The other big factor, of course, is that the epic August 2011 debt-ceiling battle between Congressional Republicans and President Obama ultimately led to $1 trillion in cuts in discretionary domestic and defense spending over nearly a decade. The “sequestration” process was legislative sausage making at its ugliest, resulting in a credit rating downgrade and later, a government shutdown. But it did the job: Few other developed countries have been able to cut so much without slowing growth dramatically.

Meanwhile, state and local governments have cut more than 600,000 jobs, which along with higher tax revenues have markedly improved the fiscal condition of even big spending states like New York and California.

Unfortunately, Shilling told me, U.S. households are recovering much more slowly.

Because of the housing and credit bubbles, total household debt (including car loans, credit cards, student loans and home mortgages) doubled from 65% of disposable personal income (DPI) in 1980 to a mind-boggling 130% in 2007. (The chart below was provided by A. Gary Shilling & Co.)

Debt to disposable income chart

Similarly, the savings rate dropped from 12% of DPI to a minuscule 2% in 2005. Who needed to save money when you could refinance your mortgage and spend your home equity?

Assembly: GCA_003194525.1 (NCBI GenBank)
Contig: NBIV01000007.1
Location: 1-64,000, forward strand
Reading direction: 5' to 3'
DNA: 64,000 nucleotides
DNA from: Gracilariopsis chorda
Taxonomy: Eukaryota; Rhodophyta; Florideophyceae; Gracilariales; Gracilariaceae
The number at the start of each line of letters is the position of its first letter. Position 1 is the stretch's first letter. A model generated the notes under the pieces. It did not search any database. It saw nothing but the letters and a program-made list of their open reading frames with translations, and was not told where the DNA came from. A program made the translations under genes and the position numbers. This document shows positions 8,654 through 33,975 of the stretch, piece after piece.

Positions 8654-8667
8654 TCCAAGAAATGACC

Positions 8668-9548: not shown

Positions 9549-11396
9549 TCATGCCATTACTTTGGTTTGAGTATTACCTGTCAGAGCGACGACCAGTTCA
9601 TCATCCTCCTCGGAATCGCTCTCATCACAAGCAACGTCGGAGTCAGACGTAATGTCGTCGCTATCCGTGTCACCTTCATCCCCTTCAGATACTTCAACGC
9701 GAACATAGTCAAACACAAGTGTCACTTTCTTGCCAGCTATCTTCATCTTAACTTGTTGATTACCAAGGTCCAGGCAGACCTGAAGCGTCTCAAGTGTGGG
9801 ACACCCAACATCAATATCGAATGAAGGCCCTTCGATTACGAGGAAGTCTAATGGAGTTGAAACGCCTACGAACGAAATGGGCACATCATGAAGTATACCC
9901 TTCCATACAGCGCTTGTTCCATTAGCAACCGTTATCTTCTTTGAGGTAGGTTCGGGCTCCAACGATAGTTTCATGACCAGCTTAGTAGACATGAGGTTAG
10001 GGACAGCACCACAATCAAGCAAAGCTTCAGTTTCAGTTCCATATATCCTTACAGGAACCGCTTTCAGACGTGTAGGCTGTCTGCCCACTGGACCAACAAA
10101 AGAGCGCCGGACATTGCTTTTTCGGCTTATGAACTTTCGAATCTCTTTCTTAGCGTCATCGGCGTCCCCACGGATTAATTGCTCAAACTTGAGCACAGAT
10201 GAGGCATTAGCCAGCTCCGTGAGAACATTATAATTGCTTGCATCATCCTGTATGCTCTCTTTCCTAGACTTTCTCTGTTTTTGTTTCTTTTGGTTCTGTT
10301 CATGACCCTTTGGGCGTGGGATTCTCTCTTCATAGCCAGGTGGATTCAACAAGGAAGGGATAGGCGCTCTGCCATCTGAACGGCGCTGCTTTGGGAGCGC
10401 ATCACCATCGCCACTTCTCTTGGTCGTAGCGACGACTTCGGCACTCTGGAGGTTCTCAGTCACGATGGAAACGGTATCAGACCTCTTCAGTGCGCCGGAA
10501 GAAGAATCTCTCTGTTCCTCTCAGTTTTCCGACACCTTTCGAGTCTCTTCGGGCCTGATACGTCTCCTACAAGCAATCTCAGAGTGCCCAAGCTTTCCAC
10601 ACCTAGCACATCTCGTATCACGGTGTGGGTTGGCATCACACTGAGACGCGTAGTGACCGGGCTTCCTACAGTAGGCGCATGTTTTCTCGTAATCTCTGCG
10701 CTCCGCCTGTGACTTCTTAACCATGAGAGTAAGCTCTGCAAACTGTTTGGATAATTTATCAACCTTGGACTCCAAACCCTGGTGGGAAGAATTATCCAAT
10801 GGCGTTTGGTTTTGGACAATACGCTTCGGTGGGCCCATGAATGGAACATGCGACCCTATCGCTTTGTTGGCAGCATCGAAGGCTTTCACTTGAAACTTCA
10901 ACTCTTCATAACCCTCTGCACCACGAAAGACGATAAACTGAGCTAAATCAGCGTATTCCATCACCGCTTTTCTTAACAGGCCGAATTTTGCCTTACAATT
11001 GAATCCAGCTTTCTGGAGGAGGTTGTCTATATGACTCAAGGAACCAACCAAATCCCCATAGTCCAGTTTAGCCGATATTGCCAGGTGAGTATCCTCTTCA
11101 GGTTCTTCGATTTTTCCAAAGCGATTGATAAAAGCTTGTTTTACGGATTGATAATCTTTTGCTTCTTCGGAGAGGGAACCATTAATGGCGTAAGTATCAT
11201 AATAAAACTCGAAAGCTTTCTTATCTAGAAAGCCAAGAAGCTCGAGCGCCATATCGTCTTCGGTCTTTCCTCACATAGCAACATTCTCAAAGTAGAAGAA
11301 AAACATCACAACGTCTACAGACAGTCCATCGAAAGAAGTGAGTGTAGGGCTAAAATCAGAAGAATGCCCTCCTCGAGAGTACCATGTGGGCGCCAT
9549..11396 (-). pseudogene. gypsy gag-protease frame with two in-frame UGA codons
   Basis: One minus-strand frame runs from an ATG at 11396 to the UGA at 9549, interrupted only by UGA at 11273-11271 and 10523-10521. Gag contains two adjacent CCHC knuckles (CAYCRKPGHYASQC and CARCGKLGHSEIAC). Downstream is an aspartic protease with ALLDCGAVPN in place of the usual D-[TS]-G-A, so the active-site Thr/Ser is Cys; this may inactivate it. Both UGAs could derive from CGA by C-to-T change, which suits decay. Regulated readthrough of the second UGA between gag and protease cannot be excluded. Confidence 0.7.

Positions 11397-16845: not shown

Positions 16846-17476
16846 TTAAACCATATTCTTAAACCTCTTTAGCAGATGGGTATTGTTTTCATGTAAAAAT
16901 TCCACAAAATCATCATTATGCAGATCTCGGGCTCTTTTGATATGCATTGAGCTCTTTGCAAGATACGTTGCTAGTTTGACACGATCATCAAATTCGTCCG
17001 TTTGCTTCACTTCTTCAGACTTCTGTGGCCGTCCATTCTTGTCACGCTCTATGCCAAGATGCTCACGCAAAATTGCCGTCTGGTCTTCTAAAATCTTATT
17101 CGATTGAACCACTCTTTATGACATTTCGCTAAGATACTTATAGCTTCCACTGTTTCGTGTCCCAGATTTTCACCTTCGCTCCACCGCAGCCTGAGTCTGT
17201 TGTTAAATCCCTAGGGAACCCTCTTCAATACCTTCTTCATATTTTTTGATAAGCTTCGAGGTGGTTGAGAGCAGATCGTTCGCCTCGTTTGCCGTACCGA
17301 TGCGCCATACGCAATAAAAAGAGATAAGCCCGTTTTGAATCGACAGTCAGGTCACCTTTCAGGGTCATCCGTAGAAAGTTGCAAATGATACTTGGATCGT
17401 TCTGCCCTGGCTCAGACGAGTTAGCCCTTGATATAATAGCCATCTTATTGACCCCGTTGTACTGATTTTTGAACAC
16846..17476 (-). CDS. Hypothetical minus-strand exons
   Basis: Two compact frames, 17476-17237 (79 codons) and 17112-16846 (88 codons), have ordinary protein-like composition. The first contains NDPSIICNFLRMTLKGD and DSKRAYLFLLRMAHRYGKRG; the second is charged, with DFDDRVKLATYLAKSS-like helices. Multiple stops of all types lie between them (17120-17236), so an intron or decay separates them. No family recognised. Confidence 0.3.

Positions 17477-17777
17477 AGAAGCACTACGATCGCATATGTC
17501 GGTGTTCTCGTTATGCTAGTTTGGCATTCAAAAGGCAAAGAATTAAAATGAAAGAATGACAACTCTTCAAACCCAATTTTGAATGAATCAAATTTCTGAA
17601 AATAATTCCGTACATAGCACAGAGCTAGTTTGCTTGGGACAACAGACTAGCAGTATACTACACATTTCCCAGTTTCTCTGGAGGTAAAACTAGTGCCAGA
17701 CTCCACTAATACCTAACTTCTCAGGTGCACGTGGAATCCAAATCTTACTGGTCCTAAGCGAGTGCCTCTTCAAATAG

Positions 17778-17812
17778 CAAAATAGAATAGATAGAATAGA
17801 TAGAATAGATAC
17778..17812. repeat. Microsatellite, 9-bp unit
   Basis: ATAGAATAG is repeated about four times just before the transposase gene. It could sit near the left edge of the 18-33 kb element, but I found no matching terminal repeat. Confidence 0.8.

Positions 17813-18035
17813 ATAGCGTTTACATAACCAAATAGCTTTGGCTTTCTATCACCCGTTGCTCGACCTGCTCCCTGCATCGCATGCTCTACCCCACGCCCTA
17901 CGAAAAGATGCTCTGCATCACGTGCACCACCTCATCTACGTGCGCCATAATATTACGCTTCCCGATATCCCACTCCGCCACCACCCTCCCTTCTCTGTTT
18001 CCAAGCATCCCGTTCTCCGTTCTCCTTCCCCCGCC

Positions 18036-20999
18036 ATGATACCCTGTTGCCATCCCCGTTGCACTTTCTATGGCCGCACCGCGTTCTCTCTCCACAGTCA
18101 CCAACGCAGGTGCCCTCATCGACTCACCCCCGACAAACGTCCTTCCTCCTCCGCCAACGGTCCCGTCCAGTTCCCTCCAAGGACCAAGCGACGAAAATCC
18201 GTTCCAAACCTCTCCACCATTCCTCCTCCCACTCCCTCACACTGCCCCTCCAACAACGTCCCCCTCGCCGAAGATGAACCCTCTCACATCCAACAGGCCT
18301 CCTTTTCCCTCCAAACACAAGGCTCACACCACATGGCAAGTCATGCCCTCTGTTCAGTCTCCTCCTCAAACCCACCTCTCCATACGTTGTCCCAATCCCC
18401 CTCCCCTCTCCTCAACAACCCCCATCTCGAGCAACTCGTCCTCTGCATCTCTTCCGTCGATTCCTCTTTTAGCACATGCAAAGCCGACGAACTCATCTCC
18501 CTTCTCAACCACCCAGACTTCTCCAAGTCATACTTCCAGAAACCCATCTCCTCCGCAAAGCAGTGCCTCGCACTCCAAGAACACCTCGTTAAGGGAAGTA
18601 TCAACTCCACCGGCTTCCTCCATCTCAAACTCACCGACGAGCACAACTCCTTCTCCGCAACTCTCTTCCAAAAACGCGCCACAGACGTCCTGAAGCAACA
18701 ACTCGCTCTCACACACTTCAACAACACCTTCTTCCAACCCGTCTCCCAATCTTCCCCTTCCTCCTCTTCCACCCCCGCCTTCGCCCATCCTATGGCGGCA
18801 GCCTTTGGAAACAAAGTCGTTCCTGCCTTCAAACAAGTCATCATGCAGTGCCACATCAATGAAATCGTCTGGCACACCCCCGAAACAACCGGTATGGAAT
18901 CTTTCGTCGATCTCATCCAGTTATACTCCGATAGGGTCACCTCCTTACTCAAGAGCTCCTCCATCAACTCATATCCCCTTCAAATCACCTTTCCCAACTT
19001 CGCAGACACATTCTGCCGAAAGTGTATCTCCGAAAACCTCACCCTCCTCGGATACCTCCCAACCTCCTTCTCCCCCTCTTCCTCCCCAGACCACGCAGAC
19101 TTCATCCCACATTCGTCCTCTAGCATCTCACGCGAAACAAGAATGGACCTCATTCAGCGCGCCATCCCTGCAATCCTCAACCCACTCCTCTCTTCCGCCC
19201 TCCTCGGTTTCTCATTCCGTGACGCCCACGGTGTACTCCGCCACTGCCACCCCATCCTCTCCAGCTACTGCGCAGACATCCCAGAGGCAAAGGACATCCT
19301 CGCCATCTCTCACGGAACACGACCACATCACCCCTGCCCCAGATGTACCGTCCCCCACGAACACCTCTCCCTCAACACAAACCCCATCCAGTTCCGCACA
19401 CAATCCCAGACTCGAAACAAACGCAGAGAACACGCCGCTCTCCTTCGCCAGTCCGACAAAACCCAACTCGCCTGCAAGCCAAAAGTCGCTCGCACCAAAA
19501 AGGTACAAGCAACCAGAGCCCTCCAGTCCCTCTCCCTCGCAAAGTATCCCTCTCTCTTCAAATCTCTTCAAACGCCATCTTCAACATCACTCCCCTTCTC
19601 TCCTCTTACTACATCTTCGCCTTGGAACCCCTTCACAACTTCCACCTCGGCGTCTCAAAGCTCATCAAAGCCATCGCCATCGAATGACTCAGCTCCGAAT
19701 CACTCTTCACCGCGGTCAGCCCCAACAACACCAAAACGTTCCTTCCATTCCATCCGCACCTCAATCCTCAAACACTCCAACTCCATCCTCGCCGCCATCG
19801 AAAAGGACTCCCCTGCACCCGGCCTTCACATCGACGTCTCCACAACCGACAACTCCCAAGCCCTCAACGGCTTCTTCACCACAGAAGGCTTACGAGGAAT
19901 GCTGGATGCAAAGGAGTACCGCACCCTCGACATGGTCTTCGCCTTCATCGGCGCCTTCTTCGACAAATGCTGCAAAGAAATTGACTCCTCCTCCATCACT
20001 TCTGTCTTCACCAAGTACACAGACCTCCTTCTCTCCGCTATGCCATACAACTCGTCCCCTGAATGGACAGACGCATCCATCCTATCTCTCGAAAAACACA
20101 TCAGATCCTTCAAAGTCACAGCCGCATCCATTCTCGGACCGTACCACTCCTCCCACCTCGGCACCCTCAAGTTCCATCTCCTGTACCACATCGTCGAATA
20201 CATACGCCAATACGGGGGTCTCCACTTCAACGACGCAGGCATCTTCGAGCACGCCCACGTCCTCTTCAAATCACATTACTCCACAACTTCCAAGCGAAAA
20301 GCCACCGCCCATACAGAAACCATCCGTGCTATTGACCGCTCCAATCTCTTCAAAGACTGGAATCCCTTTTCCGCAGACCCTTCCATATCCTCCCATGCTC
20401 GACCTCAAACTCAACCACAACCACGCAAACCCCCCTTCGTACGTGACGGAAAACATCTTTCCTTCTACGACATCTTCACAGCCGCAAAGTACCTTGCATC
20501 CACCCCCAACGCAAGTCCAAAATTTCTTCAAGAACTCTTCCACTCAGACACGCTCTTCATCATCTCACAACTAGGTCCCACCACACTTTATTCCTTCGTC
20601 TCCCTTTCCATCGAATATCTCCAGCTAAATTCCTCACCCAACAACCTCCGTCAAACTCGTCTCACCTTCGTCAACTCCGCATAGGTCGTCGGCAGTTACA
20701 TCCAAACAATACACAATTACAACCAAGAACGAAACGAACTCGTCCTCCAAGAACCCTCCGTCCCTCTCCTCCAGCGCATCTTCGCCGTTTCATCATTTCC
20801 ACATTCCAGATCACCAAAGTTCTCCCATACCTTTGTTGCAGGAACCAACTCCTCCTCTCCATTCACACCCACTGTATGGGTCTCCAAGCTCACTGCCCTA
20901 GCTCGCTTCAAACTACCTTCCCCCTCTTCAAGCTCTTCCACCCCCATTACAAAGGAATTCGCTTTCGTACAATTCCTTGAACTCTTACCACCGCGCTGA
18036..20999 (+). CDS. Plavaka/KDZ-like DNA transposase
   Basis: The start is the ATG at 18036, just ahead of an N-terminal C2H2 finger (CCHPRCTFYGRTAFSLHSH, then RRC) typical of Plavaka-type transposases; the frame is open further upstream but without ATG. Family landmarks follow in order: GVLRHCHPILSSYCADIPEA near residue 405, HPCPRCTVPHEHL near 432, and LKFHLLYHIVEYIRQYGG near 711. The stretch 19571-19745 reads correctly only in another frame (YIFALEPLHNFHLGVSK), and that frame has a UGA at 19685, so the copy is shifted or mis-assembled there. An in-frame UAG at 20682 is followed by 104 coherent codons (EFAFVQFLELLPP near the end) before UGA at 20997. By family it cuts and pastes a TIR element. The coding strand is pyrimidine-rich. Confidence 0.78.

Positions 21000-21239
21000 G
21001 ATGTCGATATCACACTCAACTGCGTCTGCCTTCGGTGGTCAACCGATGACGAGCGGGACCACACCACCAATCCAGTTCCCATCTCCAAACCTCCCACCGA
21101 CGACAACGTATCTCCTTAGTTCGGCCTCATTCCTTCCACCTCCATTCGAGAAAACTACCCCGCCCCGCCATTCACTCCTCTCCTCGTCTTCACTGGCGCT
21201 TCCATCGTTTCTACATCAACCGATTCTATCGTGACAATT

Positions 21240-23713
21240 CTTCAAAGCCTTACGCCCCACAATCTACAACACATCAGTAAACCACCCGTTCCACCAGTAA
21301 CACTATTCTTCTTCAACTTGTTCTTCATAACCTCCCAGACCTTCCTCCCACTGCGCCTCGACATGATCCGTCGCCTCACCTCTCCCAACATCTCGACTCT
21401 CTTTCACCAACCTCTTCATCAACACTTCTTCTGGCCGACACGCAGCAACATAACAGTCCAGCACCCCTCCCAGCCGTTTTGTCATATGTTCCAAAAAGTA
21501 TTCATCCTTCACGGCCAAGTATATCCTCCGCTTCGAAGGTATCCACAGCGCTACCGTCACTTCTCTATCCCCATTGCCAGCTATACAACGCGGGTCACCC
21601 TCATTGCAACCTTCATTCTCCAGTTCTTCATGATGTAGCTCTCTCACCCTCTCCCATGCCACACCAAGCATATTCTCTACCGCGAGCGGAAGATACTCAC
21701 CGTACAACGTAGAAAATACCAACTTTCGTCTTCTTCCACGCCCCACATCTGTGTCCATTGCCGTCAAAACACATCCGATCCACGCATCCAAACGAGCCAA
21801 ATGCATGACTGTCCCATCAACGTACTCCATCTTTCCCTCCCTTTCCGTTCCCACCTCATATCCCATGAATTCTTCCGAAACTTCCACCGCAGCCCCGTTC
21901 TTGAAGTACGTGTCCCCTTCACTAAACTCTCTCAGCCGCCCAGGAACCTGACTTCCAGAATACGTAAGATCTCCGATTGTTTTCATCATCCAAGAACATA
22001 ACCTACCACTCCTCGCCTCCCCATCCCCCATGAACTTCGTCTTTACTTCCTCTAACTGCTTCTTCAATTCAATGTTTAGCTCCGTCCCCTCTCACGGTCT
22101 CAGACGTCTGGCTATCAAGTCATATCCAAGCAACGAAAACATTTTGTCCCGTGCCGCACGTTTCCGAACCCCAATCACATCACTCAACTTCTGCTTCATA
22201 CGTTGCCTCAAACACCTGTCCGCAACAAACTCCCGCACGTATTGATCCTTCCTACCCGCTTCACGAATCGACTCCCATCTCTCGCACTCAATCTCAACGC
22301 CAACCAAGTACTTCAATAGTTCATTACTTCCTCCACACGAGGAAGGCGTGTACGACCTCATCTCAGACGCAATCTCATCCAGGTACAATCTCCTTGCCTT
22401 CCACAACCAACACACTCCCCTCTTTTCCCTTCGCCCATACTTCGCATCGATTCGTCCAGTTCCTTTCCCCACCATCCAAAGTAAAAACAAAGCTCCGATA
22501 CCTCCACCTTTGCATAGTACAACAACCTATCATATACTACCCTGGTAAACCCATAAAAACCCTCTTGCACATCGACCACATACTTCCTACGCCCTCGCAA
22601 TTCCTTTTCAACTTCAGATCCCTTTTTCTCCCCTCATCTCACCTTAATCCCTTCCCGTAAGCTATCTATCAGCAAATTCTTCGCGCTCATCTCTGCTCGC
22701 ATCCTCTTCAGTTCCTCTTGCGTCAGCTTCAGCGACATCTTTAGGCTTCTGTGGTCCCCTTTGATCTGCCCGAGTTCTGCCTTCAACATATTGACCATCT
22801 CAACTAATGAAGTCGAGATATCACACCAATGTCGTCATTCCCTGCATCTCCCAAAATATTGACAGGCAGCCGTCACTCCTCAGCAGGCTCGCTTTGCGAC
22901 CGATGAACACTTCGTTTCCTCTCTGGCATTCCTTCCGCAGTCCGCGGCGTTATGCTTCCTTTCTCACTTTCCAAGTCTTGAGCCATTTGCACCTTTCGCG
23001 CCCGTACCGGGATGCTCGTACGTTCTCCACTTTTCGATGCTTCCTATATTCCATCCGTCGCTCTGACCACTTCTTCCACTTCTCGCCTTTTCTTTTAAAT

The savings rate is up to 5%, and total household debt has fallen to 103% of DPI, Shilling said. Usually it takes a decade for consumers to work off the debt they racked up during a boom.

But now, he said, “you’ve been at this process for six years. At this rate, it would take a lot longer than four years to complete. … It’s a long way from where I think it’s going.”

Consumers’ deleveraging and stagnant middle-class incomes have depressed consumer spending for all but the affluent. “You no longer have the consumer spending like a drunken sailor,” said Shilling.

But there’s a silver lining. The weak U.S. consumer recovery, combined with another recession in Japan and near-recession in Europe, has helped subdue inflation here. (Read about falling oil and commodity prices.)

That could take the pressure off the Federal Reserve to raise interest rates soon and may improve the federal debt situation even more.

Why? The CBO is projecting 3% Treasury bill rates by 2017 and a 5% 10-year Treasury note by 2018.

Shilling, however, expects the yield on the 10-year to fall to 1%. (Germany, Japan, and Switzerland’s 10-year notes all yield much less than 1%.) But even if rates stayed around current levels, it would mean billions of dollars in additional budgetary relief over what the CBO projects.

The vastly improved fiscal situation may last only a few years, but it’s a big plus for U.S. markets and the U.S. dollar — and another nail in the coffin for the gold bugs and doom-and-gloomers who can add one more item to the long list of things they got really, really wrong.

[by Howard R. Gold, writing for MARKETWATCH]

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As always, posted for your edification and enlightenment by

NORM ‘n’ AL, Minneapolis
normal@usa1usa.com
612.239.0970